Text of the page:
Fauna of Sri Lanka

Wildlife of Sri Lanka includes its flora and fauna and their natural habitats. Sri Lanka has one of the highest rates of biological endemism (16% of the fauna and 23% of flowering plants are endemic[1]) in the world even though it is relatively small.

Ecological zones

The mountains and the southwestern part of the country, known as the "wet zone," receive ample rainfall (an annual average of 2500 millimeters). Most of the southeast, east, and northern parts of the country comprise the "dry zone, which receives between 1200 and 1900 mm of rain annually. The mountains and the southwestern part of the country, known as the "wet zone," receive ample rainfall (an annual average of 2500 millimeters). Most of the southeast, east, and northern parts of the country comprise the "dry zone, which receives between 1200 and 1900 mm of rain annually.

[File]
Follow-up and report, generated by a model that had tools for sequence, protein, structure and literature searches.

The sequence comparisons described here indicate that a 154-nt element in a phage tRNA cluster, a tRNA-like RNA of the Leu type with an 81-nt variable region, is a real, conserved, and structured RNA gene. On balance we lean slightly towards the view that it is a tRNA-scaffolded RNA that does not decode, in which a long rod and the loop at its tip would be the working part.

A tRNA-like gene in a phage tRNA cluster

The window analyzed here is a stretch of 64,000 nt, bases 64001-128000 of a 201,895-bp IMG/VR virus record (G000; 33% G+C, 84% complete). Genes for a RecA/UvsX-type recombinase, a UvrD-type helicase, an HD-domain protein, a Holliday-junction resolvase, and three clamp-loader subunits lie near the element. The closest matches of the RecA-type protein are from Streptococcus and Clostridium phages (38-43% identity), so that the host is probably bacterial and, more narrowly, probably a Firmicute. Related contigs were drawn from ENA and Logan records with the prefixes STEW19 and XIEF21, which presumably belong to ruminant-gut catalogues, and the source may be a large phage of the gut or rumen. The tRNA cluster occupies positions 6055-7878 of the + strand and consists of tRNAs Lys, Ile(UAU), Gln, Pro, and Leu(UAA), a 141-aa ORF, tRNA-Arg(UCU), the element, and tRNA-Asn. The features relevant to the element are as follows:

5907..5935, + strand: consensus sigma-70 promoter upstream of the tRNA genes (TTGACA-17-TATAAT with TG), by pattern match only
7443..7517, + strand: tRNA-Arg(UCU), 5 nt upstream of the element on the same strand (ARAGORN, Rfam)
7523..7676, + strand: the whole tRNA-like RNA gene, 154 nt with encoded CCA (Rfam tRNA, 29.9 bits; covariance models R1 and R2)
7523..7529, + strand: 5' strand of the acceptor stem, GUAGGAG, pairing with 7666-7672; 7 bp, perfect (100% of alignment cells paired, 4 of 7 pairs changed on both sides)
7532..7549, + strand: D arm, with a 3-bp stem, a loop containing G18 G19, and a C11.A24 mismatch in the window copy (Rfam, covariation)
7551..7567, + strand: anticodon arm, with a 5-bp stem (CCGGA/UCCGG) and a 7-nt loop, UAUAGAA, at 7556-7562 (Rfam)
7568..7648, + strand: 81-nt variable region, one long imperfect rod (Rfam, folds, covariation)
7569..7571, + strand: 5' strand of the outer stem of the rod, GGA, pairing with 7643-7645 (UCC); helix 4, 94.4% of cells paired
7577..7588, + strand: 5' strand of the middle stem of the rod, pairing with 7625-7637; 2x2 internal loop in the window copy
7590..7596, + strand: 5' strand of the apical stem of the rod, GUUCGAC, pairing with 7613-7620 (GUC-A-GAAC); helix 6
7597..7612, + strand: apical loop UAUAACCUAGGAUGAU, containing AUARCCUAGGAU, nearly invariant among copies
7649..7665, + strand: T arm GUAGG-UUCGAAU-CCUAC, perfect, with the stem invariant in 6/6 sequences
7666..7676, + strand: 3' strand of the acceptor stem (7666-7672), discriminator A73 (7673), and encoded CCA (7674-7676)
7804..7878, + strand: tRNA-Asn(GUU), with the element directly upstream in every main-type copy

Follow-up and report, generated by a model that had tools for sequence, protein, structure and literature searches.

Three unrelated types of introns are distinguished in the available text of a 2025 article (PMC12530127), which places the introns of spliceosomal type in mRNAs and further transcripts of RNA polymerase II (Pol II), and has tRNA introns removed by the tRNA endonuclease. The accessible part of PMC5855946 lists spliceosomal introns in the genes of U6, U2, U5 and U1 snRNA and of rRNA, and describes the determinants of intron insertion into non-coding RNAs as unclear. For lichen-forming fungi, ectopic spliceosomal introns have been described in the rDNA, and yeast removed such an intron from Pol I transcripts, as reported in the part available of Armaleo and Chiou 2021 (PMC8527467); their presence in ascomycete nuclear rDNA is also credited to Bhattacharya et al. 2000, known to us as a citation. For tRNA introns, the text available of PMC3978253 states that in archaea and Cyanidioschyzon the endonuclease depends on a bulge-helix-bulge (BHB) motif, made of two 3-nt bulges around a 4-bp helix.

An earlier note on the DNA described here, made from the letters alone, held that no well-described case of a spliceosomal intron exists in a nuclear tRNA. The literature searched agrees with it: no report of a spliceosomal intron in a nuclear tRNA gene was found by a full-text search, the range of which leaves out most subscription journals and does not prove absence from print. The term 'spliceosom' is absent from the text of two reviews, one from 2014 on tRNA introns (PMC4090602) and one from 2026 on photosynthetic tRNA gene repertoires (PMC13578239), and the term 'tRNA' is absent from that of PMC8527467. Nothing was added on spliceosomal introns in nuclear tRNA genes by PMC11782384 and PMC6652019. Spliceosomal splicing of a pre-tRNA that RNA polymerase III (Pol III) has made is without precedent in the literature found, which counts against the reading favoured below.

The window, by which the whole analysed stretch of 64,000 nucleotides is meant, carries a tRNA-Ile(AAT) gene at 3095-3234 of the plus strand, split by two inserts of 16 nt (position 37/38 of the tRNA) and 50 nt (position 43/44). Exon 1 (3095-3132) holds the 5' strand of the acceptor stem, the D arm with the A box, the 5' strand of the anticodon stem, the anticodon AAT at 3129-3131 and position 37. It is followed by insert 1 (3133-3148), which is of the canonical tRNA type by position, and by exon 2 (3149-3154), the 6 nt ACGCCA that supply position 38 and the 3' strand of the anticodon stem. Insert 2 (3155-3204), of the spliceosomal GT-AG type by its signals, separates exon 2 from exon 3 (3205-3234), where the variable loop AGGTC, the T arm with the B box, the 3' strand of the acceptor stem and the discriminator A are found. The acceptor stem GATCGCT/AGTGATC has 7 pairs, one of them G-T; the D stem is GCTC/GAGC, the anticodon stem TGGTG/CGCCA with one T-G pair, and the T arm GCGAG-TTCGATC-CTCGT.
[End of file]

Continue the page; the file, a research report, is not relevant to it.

Fauna


Mammals

Sri Lanka is home to roughly 91 species of mammals, 41 of which are threatened (9 critically). 16 of the species are endemic, of which 14 are threatened,[2] including the large Sloth Bear, the endemic Sri Lanka Leopard and Sri Lankan Elephant and the Sambar. Bats have the highest amount of species (out of 200 mammalian orders), with 30 different species. Sri Lanka's surrounding waters are home to 26 species of Cetaceans.

Reptiles

Sri Lanka currently contains 171 species of reptiles, of which 56 are threatened and 101 are endemic. Most of the reptiles are snakes and the largest are two species of Crocodile, the Mugger crocodile and Saltwater Crocodile.[2]

Amphibians